“Current drugs against hepatitis C, although they are effective, are expensive, have side effects, and are associated with drug resistance,” says study author Dr. T. Jake Liang, a senior investigator of liver disease at NIH. “There’s definitely unmet needs in the current regime of treatment.”

Promising drugs to treat hepatitis C have made it to market in the last few years, but at a hefty price. The biotech company Gilead Sciences has two hepatitis C drugs with high price tags: one drug, Harvoni, costs $95,500 for 12 weeks, and the other, Sovaldi, costs $84,000. That comes out to $1,000 per pill. Still, many patients with hepatitis C prefer oral drugs over the daily injections that were previously required.

MORE: Why Hepatitis C Drugs May Soon Get Far Less Expensive

The researchers of the new study report that CCZ can specifically target hepatitis C, and prevented infection in mice by blocking hepatitis C from entering liver cells. That’s a different mechanism from the current drugs, which block replication of the virus once it gets into the cells. “This is certainly new compared to the existing drugs,” says Liang. “I think that’s the exciting part of our research: We are finding a new class of drugs that are active against hepatitis C.”

The drug showed promising results when tested on a population of mice who were infected with the virus. The researchers discovered that when the mice were given the drug on a daily basis, there was a significant decline in their viral levels. “That’s typically what we look for when we test any drugs,” says Liang.

The findings are still preliminary, and there are several steps that need to be taken before there’s any clinical use available for people. The scientists still do not know if the drug has the same effect in humans, how exactly it works and what form the treatment should take. “We want to caution people that these drugs have not been tested in people yet,” says Liang. “They should not run out and take this medicine to treat hepatitis C.”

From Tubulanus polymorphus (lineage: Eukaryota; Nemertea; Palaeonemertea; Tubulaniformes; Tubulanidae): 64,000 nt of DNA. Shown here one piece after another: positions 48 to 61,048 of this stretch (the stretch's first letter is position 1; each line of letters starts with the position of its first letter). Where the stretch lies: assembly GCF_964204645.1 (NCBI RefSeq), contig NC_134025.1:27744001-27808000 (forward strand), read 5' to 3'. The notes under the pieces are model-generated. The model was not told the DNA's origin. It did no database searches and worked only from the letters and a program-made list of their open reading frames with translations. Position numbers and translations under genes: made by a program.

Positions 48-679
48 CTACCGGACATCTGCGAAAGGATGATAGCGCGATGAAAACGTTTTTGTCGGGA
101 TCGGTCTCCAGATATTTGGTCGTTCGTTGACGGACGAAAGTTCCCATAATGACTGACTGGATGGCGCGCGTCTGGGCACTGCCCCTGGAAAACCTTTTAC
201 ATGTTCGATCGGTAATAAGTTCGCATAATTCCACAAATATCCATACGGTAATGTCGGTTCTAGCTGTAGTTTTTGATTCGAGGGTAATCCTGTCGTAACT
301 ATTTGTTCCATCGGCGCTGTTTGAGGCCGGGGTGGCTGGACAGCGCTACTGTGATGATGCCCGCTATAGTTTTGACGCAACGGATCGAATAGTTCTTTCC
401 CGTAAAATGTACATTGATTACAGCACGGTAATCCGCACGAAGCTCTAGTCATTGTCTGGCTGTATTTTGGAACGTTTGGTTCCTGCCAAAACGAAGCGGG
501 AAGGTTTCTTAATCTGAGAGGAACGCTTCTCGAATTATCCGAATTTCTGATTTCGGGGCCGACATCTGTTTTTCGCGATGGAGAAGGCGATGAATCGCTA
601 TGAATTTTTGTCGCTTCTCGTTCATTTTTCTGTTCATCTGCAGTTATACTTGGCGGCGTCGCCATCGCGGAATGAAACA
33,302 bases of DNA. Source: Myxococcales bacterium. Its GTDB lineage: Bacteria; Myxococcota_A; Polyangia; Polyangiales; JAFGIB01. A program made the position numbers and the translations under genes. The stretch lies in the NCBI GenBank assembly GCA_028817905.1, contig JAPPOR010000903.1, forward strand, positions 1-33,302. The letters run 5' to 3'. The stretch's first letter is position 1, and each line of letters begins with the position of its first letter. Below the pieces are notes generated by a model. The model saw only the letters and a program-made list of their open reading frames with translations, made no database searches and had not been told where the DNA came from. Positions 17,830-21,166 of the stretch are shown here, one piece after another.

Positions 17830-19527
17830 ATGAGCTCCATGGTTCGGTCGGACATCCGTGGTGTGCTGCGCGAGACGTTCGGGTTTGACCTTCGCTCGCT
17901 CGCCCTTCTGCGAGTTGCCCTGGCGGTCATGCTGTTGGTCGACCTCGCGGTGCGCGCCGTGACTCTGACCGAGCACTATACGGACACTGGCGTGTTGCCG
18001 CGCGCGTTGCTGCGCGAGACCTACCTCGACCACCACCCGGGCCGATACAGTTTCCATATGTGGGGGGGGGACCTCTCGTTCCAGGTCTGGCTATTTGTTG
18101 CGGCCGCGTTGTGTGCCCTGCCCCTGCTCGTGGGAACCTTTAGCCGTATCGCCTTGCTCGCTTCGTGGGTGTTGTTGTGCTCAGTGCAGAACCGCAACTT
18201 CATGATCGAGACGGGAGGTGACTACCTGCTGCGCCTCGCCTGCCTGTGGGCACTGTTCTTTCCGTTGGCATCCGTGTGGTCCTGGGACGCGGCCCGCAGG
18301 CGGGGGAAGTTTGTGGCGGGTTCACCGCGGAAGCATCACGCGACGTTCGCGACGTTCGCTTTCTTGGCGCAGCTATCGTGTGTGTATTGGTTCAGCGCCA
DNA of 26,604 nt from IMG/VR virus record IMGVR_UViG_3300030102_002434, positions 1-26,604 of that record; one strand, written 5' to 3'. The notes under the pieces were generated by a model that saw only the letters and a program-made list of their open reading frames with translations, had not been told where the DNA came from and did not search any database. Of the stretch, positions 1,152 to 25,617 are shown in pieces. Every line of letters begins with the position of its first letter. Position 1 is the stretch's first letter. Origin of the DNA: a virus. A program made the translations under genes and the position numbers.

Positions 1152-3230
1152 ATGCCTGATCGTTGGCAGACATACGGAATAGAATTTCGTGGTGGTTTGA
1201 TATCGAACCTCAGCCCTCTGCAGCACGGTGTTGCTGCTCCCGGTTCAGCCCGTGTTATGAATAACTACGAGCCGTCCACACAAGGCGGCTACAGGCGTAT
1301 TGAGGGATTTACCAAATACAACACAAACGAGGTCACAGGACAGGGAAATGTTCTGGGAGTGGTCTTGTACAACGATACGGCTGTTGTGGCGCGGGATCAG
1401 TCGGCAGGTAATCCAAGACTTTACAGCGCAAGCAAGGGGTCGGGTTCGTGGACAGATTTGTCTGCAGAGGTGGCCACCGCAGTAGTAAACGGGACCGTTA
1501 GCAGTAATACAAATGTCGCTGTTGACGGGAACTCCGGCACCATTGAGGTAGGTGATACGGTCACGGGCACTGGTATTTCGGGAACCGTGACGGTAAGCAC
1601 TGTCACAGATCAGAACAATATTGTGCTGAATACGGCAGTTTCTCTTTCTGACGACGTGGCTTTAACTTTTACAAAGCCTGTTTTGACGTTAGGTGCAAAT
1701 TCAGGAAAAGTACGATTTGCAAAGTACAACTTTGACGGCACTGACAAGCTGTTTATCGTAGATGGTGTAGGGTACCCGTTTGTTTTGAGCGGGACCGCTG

Liang says his team is working on understanding how CCZ and antihistamines in general could contribute to the treatment of hepatitis C. They will be initiating a small proof of concept trial in humans which will look at the effect of short term CCZ dosing on the infection. Liang says that since the drug is already approved, his team doesn’t have to go through a slog of regulatory approval for trials, and that the FDA is interested in drug repurposing, which appears to be a growing area of drug discovery. The same process was recently used to identify drugs during the Ebola outbreak. Liang says his team is also looking at ways to modify and optimize CCZ to make it more effective and suitable for humans.

With CCZ costing about $0.50 a tablet for allergy-related uses, the big question is whether a new hepatitis treatment that could come from existing drugs would be more affordable. Liang says he doesn’t have a “clear answer” to that question, but he says he envisions a few scenarios where the treatment could bring down costs. “If this particular class of drugs turns out to be effective against hepatitis C, it could be used in combination with existing drugs to perhaps shorten the duration of use,” he says. “Instead of [taking the drugs] for three or six months it could be [taken] for four weeks. That will certainly reduce the cost of the drugs because you are not taking them for as long.”